Marin Cilic's height and serve can worry tennis' top stars in 2013, says Miles Maclagan
Last Updated: February 10, 2013 8:55pm
Cilic: beat Melzer to win third PBZ Zagreb Indoors crown
Miles Maclagan told Sky Sports HD that a fit and firing Marin Cilic could be a dangerous proposition on the ATP Tour in 2013.
The Croatian beat Jurgen Melzer 6-3 6-1 in the PBZ Zagreb Indoors on Sunday to register his ninth career title, and Maclagan says the 24-year-old - who also won the men's singles at London's Aegon Championships at Queen's last summer - has the physique to trouble the world's best players.
But the former British Davis Cup player and erstwhile coach of Andy Murray wonders whether Cilic, a semi-finalist in the Australian Open three years ago, has the self-belief to best the likes of Novak Djokovic and Roger Federer on a consistent basis.
"It would be nice to see Cilic push into the later rounds of tournaments and scare the top players - and he can do that."
"He has had issues with injury but he is a tall guy so he should be growing into his body and being able to deal with tougher matches," Maclagan said of Cilic, who now has three PBZ Zagreb Indoors trophies to his name, having won in his homeland in 2009 and '10.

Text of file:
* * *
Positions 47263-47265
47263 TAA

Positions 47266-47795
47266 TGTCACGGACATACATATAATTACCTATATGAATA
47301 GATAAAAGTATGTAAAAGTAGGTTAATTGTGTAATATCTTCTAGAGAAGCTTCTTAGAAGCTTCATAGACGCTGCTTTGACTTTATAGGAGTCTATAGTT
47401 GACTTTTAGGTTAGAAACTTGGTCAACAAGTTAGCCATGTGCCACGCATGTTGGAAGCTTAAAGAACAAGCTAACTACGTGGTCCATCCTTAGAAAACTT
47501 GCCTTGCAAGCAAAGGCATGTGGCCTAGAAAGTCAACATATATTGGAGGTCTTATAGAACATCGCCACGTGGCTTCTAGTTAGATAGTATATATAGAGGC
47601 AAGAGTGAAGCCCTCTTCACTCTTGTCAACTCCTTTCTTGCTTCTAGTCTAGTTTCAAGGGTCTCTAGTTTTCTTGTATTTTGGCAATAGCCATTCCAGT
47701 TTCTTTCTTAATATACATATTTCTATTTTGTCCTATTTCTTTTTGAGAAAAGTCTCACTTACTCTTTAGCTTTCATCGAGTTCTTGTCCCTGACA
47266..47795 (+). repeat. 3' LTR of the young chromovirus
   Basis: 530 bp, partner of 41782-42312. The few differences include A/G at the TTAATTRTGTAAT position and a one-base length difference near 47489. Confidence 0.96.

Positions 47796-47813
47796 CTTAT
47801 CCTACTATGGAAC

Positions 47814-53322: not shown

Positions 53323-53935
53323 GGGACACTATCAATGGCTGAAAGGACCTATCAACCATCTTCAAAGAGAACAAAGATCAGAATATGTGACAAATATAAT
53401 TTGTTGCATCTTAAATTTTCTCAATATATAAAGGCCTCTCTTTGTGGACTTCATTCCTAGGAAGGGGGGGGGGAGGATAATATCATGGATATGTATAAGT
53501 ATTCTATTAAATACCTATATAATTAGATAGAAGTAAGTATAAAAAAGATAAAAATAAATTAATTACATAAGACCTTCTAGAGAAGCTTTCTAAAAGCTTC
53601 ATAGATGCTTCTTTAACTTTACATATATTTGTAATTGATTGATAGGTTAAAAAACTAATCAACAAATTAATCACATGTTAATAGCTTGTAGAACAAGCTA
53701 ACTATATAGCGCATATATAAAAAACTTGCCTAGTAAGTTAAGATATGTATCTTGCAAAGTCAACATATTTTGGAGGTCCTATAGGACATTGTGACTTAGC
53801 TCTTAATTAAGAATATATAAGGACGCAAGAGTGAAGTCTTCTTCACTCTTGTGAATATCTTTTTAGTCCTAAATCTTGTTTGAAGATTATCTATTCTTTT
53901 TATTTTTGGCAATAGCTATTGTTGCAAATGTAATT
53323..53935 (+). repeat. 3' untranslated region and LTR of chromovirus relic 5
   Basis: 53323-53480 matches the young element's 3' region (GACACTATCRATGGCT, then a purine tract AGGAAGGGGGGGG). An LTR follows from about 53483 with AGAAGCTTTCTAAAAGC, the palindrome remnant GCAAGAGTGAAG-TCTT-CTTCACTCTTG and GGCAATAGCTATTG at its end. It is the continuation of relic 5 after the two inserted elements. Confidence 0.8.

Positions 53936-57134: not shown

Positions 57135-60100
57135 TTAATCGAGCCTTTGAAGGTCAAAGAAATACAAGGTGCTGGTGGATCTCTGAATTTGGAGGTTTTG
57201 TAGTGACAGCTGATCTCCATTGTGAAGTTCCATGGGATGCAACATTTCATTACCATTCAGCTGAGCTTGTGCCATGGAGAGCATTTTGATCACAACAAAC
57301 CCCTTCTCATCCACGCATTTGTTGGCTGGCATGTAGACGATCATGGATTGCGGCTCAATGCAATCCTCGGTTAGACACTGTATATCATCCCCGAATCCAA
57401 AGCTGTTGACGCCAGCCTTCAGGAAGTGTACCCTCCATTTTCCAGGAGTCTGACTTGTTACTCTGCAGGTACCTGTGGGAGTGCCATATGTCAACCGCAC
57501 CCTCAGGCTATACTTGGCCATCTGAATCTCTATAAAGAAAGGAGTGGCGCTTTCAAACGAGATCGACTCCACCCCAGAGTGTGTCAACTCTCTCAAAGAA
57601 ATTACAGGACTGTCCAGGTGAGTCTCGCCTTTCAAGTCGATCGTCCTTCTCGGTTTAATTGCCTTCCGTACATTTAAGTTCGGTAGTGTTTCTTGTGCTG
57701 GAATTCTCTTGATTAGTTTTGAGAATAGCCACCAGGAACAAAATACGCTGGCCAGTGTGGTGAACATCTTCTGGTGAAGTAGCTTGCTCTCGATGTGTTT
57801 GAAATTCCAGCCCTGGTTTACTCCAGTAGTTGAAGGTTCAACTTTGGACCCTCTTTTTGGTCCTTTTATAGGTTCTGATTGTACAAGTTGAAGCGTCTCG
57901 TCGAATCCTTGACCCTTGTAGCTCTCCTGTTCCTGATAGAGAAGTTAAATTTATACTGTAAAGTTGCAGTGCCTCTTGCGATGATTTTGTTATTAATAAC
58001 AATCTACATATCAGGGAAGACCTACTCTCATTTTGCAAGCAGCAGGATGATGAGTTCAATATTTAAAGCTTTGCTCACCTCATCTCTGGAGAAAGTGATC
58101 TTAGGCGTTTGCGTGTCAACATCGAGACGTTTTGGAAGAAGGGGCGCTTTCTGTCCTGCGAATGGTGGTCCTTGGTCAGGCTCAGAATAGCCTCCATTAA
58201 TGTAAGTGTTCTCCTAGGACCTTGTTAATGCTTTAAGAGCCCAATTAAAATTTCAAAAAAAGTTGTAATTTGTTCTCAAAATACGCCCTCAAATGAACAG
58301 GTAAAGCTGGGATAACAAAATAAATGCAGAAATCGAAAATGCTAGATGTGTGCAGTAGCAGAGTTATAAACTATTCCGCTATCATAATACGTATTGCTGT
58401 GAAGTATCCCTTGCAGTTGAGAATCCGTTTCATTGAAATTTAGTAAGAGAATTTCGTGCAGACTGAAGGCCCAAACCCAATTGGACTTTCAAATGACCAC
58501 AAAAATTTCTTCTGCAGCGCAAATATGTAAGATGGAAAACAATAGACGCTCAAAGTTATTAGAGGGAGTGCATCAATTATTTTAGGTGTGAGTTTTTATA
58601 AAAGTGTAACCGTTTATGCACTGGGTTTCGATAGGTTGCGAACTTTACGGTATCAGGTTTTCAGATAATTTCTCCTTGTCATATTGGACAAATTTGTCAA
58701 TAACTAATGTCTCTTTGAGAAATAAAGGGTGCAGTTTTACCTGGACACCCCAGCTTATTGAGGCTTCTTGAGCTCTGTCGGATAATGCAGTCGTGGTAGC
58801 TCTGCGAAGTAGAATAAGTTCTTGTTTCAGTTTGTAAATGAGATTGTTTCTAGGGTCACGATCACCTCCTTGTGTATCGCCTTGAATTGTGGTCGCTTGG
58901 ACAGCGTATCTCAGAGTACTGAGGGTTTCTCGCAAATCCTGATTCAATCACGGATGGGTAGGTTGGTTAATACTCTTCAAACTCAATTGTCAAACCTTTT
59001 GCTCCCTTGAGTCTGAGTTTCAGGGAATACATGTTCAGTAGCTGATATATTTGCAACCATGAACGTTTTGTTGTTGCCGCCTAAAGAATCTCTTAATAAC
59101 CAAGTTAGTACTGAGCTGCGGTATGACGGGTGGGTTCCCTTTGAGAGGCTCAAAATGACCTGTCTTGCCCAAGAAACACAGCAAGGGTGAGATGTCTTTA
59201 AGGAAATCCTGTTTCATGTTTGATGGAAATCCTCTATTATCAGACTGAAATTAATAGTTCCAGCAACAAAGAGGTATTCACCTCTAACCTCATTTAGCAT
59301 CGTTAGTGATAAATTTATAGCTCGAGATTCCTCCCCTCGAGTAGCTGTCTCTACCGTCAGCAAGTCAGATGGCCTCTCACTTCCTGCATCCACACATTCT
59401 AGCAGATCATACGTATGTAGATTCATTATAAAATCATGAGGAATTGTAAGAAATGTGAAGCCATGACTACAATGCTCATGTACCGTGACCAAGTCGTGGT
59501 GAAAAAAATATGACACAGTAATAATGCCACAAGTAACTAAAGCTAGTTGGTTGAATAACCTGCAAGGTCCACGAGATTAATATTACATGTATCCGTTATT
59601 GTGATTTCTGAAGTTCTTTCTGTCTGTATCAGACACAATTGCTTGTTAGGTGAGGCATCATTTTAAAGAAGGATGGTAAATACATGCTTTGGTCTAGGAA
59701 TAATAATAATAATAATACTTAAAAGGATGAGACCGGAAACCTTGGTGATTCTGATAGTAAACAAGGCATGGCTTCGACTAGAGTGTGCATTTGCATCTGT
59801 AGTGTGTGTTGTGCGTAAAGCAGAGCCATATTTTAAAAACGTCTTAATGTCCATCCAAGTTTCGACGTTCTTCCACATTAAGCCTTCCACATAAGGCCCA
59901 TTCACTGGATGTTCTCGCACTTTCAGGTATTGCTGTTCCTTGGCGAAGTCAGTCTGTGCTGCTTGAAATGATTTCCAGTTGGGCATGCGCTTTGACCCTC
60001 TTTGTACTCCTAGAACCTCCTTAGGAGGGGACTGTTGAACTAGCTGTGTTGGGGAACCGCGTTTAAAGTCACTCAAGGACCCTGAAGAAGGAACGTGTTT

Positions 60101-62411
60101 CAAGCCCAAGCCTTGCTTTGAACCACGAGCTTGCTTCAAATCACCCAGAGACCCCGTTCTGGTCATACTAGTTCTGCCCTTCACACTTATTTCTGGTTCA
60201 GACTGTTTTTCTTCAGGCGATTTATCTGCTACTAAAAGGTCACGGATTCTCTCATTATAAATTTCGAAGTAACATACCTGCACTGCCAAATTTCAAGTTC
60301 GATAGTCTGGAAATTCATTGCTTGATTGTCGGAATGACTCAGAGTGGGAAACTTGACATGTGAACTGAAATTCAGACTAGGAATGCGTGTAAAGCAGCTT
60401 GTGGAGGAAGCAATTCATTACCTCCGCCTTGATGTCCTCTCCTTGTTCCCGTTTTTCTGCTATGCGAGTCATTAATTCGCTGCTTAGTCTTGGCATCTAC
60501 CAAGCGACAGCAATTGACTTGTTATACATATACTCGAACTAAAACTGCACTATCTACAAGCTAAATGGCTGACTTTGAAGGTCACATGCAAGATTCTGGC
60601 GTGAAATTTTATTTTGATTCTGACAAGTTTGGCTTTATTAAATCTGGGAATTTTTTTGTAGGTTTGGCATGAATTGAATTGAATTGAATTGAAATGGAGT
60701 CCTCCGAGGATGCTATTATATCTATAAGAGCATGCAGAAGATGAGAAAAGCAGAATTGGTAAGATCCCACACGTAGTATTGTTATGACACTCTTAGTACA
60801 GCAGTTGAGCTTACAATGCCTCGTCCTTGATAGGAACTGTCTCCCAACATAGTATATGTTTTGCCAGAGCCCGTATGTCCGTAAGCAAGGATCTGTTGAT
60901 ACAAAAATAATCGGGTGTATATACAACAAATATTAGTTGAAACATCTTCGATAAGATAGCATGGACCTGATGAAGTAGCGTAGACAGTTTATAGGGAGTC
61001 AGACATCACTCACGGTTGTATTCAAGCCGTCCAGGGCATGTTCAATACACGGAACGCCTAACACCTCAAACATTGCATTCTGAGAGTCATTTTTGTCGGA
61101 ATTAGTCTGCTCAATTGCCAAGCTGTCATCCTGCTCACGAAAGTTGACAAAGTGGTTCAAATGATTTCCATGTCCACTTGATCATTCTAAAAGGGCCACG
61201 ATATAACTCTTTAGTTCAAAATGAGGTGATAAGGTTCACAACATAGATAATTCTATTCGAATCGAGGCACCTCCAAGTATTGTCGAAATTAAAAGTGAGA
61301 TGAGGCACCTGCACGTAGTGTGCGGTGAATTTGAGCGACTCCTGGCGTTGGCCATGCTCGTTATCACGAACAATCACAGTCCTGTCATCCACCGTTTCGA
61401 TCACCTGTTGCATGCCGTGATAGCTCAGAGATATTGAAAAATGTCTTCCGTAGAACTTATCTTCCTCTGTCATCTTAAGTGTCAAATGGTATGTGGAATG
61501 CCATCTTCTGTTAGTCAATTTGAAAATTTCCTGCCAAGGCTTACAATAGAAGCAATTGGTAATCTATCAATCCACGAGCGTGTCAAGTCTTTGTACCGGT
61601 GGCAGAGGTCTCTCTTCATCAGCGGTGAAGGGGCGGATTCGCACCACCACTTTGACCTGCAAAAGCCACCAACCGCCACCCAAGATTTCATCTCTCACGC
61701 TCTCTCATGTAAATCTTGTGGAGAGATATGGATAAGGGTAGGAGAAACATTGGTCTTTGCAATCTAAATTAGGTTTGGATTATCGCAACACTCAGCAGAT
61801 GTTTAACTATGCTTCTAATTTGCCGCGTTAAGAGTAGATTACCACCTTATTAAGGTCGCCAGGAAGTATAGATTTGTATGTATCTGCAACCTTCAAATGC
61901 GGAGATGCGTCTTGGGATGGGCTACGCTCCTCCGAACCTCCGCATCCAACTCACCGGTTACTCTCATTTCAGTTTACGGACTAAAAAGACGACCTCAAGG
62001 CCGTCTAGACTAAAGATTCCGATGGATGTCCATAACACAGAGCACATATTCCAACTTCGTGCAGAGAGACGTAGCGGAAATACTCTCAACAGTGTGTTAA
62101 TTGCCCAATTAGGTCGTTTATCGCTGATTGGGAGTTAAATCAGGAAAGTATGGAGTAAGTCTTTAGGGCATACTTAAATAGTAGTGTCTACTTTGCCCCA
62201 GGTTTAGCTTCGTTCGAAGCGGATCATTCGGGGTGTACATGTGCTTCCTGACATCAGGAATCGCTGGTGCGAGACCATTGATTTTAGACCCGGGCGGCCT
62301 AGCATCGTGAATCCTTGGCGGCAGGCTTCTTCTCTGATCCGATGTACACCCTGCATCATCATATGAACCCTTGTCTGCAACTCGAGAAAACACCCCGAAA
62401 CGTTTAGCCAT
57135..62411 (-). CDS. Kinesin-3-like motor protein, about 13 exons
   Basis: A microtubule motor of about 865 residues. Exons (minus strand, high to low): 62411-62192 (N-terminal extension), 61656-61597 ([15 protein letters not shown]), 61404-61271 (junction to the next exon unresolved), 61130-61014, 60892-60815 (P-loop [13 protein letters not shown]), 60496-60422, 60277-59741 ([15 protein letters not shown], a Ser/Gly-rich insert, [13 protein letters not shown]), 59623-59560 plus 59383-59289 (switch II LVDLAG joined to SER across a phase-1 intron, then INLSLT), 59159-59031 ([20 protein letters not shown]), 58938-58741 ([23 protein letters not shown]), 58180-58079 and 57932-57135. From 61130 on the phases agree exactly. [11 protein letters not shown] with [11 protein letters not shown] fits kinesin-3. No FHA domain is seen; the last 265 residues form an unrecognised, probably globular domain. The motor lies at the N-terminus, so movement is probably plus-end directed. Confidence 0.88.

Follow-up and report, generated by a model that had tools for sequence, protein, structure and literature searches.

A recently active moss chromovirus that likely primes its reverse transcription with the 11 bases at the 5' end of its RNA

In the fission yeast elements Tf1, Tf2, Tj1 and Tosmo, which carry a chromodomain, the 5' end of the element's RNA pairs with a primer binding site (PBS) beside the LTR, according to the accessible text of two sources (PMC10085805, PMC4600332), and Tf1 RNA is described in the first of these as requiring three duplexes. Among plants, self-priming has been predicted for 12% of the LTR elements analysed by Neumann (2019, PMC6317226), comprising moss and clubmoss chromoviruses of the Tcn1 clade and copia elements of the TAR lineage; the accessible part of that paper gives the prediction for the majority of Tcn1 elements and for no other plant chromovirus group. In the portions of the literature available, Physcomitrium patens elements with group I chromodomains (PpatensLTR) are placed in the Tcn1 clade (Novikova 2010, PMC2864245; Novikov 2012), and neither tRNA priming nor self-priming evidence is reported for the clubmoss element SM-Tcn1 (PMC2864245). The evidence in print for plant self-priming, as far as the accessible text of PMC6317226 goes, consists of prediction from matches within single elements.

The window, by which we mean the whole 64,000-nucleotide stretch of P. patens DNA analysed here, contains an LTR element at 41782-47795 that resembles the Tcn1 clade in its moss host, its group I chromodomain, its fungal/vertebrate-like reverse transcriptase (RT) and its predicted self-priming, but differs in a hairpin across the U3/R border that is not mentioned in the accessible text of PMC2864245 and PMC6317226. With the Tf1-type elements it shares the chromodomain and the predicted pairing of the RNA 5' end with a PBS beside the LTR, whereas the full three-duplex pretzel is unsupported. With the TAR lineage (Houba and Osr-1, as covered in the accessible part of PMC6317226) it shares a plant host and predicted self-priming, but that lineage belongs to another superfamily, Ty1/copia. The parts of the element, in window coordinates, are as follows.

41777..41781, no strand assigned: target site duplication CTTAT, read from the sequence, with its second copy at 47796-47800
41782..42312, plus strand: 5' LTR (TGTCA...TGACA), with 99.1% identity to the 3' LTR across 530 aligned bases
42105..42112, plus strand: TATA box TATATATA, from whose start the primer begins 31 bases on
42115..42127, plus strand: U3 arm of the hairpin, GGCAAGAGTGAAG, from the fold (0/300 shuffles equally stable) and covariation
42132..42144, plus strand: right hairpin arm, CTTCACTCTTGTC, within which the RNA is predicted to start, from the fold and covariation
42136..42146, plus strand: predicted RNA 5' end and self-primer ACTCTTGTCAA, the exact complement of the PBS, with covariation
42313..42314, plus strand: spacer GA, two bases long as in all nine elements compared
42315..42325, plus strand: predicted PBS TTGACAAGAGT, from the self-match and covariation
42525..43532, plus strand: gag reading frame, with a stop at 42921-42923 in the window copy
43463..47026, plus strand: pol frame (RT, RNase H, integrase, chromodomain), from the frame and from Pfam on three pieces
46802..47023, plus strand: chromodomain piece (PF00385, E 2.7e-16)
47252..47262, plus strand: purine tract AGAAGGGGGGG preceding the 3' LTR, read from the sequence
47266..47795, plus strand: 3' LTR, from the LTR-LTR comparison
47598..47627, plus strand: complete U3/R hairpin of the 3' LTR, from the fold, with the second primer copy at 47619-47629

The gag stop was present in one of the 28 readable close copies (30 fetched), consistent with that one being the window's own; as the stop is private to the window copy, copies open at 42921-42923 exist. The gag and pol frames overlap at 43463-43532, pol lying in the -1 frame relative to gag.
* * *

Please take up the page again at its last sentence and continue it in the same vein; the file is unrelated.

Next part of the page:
"It would be nice to see him push into the later rounds of tournaments and scare the top players - and he can do that.
"He has an effective serve, has the height - which negates someone like Rafa (Nadal) who likes to hit the ball high to your backhand - and can play well on all surfaces.
"He probably doesn't believe he can ruffle the feathers of the top guys consistently and having seen him play Murray at Wimbledon last year (in the fourth round, in which he lost 7-5 6-2 6-3) and a few of his other matches, he has enough to dent the top four but not enough confidence or skill to keep doing it.
"Confidence comes with results so he needs to win three or four matches every week and build a base."
Maclagan described Cilic's victory in Croatia as "solid" but reckons Melzer contributed to his defeat by struggling to get over a controversial line call towards the back-end of the first set that went in his opponent's favour.
"Cilic dominated every statistic; he won 83 per cent of points on his second serve and you are not going to lose if you do that, so it was a solid win," added Maclagan.
"Melzer was understandably angry when he clearly hit the ball in and, due to Hawk-Eye not being utilised, it was called out and he lost the point - but you have to gather your thoughts and he didn't.
"Cilic is not an easy guy to play; he has long levers and there is not an obvious place to attack unless you can rush him, and when Melzer lost momentum - and his head - it became doubly difficult."